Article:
The DA will present parliament with 87,000 written submissions it has collected on the National Health Insurance (NHI) Bill, and is insisting that these and all other inputs are scrutinised directly by MPs rather than being outsourced to a third party.

The DA's call for lawmakers to roll up their sleeves follows parliament's controversial decision last year to contract recruitment company Silumko Consulting to assess hundreds of thousands of submissions received in response to its constitutional review of land expropriation without compensation.

The DA’s health spokesperson, Siviwe Gwarube, said on Monday that parliament had already received more than 100,000 submissions in response to the NHI bill, independently of the process managed by the party.

All the submissions should be scrutinised by the National Assembly's health portfolio committee itself and not outsourced to a potentially politically aligned third party, she said.

“We as public representatives need to go through the submissions ourselves, and make sure the views of South Africans are taken into consideration,” she said.

The NHI Bill is the first piece of enabling legislation for the government’s plans for implementing universal health coverage and is currently being processed by the National Assembly. It was released for public comment on August 8, and interested parties have until Friday to submit written comments. In a parallel process, parliament’s portfolio committee on health is holding public hearings in the provinces: it has already toured Mpumalanga, Northern Cape and Limpopo, and is currently in KwaZulu-Natal.

Gwarube said the party supported the principle of universal health coverage, but the “deeply flawed” NHI Bill was not the right way to achieve it. The bill’s provisions for the establishment of a central fund that would pay for services left it vulnerable to corruption and it did not address the systemic failures of the public health system, she said. The DA had no doubt that the NHI Fund would befall the same fate as every other cash-strapped state-owned enterprise, she said.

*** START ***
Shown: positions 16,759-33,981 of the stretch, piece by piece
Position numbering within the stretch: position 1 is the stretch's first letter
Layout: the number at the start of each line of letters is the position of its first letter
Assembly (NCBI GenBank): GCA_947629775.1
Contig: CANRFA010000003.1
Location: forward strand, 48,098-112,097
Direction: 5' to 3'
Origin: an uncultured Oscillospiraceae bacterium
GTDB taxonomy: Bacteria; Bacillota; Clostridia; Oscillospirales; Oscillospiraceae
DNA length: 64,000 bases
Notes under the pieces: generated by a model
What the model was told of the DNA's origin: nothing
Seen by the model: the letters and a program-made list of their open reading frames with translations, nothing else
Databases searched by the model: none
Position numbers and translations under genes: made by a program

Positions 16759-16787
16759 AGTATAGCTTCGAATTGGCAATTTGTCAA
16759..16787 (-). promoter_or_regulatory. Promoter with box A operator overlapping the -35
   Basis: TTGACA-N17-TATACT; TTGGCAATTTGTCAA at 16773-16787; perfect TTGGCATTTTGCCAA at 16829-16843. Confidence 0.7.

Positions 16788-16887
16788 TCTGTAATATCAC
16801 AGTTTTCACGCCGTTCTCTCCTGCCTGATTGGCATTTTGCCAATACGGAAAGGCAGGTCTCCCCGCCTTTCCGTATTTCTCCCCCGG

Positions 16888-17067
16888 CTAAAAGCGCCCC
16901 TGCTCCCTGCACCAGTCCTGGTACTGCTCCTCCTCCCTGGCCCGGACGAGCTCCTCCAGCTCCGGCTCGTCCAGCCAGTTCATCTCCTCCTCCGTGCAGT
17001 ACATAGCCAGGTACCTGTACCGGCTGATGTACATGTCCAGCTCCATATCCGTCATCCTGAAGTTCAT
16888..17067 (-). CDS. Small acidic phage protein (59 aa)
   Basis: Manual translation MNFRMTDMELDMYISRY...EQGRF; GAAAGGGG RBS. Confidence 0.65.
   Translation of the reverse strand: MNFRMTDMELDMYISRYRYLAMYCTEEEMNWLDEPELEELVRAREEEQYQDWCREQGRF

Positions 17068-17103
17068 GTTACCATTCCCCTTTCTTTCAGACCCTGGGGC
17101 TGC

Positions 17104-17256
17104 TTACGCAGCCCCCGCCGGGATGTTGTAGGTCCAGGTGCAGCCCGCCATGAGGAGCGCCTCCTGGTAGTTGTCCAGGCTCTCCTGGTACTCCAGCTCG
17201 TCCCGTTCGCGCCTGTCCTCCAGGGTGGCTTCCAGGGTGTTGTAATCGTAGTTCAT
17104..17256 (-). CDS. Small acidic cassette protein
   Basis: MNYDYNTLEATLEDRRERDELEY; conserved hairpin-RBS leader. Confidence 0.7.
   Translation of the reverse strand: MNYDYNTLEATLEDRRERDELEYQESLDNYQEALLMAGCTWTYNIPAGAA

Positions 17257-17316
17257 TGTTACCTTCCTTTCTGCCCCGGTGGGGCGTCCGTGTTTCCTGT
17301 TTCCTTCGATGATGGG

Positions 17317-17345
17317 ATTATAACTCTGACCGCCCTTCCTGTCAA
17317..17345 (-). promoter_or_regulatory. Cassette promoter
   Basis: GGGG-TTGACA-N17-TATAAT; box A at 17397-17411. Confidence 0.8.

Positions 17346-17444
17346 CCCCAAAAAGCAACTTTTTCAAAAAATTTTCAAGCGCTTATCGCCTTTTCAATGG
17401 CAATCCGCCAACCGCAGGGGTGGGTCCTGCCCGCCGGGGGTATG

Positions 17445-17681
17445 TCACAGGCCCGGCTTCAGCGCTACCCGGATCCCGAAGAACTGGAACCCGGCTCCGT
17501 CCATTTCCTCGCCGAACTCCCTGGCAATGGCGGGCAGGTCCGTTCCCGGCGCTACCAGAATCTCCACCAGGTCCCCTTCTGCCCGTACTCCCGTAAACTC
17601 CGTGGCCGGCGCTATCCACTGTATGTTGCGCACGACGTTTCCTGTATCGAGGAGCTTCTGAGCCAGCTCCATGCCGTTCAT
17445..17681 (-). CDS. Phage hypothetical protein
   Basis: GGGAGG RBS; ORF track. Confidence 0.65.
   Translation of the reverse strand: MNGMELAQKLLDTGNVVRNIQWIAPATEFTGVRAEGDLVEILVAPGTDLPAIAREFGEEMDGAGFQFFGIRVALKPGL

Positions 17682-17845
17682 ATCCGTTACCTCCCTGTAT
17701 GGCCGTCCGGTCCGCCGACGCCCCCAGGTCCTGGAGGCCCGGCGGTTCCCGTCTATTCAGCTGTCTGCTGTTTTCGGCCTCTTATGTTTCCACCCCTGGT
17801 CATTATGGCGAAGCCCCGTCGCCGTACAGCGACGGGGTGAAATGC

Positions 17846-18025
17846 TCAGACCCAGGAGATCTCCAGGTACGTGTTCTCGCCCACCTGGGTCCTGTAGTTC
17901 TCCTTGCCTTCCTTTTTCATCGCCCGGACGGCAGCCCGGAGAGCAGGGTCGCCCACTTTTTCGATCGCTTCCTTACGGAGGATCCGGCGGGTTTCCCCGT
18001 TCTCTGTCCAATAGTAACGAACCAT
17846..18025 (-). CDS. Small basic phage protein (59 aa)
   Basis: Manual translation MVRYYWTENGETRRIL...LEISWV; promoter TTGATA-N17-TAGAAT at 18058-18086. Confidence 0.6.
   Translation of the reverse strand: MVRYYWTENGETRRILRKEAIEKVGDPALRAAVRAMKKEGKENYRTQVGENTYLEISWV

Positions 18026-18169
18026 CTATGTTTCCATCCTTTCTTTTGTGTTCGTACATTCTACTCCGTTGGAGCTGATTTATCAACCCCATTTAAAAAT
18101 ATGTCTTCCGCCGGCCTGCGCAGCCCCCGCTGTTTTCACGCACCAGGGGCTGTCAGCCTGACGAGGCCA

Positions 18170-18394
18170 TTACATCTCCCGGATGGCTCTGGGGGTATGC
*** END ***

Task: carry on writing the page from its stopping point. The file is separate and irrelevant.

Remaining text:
The DA reiterated concerns it has previously raised about the public participation process currently under way in provinces, saying some gatherings had been hijacked by the ANC, which had bussed in supporters in party regalia, and “fraudulent” leaflets had been distributed that created the impression that parliament was fully behind the bill.

The leaflets contained parliamentary contact details and urged people to sign them in support of the bill, said the DA’s deputy health spokesperson Lindy Wilson. Parliament had a duty to be nonpartisan, and the DA had laid a formal complaint about the leaflets with parliament’s chair of chairs, Cedrick Frolick, she said.

Wilson said the bill’s “clear erosion” of the powers of provincial health departments was unconstitutional and was at odds with the National Health Act, despite the assurances previously provided by the state law adviser to committee that it passed constitutional muster, she said. The constitution says health is a concurrent power to be shared among the different spheres of government, so the bill’s proposals to sharply reduce the role of the provinces in the delivery of healthcare raises questions about whether it is at odds with the constitution.

The DA’s Mbulelo Bara said the role of provincial health departments needed to be explicitly clarified when the bill was considered by the National Council of Provinces (NCOP), which had a duty to satisfy itself of the constitutionality of the bill.

“The days when the NCOP just rubber stamps what the National Assembly does are over,” he said.


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